Selected from only the best casks by the Adelphi, the renowned independent bottler, to form their Liddesdale Batch 9 Islay hailing from the famous Bunnahabhain distillery. This 21 year old Single Malt is an extremely limited and desirable Scotch Whisky drawn from European ex-sherry casks.
The Adephi Whiskies are highly desirable, rare and much sought after - selecting truly special single casks that married exceedingly well with the wood - so much so on average they accept only 4% of the Whisky offered! All are bottled without chill-filtering or added colouring unlike most Whiskies so you can taste the full and unadulterated flavour.
To taste you'll find syrup-coated Golden Grahams and pink grapefruit. Cinnamon and cloves on sugary brioche, slightly charred tarte tatin and a drop of cream.
The Bunnahabhain distillery lies on the peaceful, sheltered north-eastern coast of Islay, the most southerly of the Hebridean Islands. Built in 1881 its name comes from the Gaelic, Bunnahabhain (Bu-na-ha-venn), meaning ‘mouth of the river’, a reference to the Margadale, the river from whose clear Spring waters the whisky is distilled.
Amfora's selection is aided by Anthony Burnet, former Director of the Glenmorangie Company and a Master of Quaich, Amfora's very own highly experienced authority on Scotch Whisky.
Single malts are the original Scotch whiskies, which were being distilled and aged a very long time before anyone came up with the idea of blending malts with the less complex and cheaper grain whiskies. They are produced in adherence to very strict rules that are enshrined in law, the new spirit always being distilled at least twice in copper pot stills, and then laid down to slumber in oak casks for not less than three years (only after three years in the wood in Scotland - can they legally be termed Scotch whisky), although most spend a good deal more than this minimum period in cask.
Unlike some other types of whisky, in Scotland distillers are not permitted to top-up casks, the age of the spirit being determined from the day on which a cask is filled with new make spirit. The raw materials used to produce single malt are very simple: malted barley, yeast, and water (usually from rivers but sometimes from natural springs). High quality barley and very pure frequently mineral rich water are used, but the oak casks arguably play the most important role in the maturation process, contributing a great deal of flavour, aroma, softness and colour to the final product.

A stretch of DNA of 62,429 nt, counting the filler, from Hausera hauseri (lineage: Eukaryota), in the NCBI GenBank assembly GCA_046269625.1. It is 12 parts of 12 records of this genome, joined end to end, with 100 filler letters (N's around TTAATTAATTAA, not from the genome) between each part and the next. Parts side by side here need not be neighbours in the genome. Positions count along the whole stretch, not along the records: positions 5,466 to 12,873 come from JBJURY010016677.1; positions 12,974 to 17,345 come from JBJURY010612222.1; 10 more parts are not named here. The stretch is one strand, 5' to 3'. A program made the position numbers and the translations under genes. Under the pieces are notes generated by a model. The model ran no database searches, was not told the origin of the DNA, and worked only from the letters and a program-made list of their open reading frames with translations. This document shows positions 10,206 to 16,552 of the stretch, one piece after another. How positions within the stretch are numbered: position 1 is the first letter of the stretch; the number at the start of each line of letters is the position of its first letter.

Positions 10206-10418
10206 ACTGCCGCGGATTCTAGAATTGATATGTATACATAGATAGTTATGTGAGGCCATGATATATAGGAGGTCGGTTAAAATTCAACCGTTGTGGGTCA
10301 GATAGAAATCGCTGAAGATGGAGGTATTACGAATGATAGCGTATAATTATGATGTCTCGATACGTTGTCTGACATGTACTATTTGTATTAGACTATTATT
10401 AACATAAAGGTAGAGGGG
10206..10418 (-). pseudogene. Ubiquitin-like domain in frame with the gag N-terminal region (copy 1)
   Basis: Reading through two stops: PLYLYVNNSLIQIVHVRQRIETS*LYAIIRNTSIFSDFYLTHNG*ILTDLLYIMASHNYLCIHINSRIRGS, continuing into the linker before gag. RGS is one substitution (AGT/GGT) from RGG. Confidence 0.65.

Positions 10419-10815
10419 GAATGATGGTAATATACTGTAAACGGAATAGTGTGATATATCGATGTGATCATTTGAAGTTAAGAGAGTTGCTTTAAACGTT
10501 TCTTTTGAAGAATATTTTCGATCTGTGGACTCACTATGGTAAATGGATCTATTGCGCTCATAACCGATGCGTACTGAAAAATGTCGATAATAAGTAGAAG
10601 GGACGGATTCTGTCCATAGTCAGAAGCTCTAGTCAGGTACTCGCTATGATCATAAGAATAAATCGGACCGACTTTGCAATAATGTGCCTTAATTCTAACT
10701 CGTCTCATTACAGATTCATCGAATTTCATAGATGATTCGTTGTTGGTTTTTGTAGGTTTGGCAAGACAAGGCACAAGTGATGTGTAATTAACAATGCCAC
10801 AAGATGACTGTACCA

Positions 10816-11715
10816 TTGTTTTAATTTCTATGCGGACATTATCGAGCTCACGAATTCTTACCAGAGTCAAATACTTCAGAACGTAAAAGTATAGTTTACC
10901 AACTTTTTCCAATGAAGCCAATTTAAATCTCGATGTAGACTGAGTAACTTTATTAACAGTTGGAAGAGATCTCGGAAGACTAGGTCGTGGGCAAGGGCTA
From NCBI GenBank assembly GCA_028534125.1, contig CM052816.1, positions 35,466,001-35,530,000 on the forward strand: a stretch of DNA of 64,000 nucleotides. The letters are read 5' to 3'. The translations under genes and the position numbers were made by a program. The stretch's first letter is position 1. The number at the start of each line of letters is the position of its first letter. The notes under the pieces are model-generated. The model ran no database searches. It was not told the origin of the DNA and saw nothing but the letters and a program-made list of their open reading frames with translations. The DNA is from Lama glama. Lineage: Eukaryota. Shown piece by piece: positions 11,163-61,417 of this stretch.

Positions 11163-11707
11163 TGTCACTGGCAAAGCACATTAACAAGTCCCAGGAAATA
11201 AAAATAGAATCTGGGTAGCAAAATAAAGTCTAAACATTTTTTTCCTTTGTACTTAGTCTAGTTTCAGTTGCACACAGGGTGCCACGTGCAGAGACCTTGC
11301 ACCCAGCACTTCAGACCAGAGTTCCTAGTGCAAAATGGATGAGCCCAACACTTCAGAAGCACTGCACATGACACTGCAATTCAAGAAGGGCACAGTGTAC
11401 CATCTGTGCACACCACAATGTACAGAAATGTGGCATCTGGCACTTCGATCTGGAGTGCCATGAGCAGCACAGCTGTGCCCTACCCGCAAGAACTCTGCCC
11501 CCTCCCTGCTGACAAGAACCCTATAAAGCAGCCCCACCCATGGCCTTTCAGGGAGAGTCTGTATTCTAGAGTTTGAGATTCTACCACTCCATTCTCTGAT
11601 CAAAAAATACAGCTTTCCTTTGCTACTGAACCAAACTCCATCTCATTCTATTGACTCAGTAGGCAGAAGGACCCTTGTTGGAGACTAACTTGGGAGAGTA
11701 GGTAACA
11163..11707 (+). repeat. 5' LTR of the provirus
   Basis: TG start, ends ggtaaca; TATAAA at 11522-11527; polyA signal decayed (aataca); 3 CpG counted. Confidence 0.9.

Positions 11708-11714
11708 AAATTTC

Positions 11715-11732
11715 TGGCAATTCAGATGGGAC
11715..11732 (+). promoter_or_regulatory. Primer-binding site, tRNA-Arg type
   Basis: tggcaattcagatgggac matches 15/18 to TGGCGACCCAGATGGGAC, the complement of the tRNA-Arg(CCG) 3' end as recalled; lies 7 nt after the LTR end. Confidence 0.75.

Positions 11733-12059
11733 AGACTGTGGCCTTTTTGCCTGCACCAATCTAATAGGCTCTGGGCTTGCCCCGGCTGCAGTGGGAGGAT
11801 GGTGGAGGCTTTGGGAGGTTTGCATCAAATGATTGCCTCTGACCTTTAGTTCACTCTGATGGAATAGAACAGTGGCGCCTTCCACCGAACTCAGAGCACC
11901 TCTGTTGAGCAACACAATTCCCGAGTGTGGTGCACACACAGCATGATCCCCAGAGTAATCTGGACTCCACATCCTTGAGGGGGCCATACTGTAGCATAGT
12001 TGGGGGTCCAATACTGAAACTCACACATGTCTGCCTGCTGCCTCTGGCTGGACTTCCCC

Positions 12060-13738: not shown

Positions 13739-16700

The Whisky Producing Regions of Scotland
It is a widely held belief that the geographic region of a given distillery has much to do with the character of the whisky, however modern sophisticated production methods are such that one can produce virtually any character of single malt anywhere in Scotland. Owing more to long established production techniques rather than strong influences of geographic locations, in broad terms it can be said that Lowland malts are generally light and fragrant, while in the Highlands slightly more full bodied malts are made. Campbeltown produces light whiskies which are to some extent influenced by their locations near the sea. If there is one region among the four areas which stands out, it is the island of Islay which traditionally has made single malt using a lot of heavily malted, or peated, barley, resulting in a final product which delivers a powerful smokey nose and taste.
How To Taste Whisky
When nosing and tasting a single malt it is advisable to use a tulip shaped glass which will concentrate the aromas. Swirling the whisky in the glass will expose it to the air and releases the nose clearly.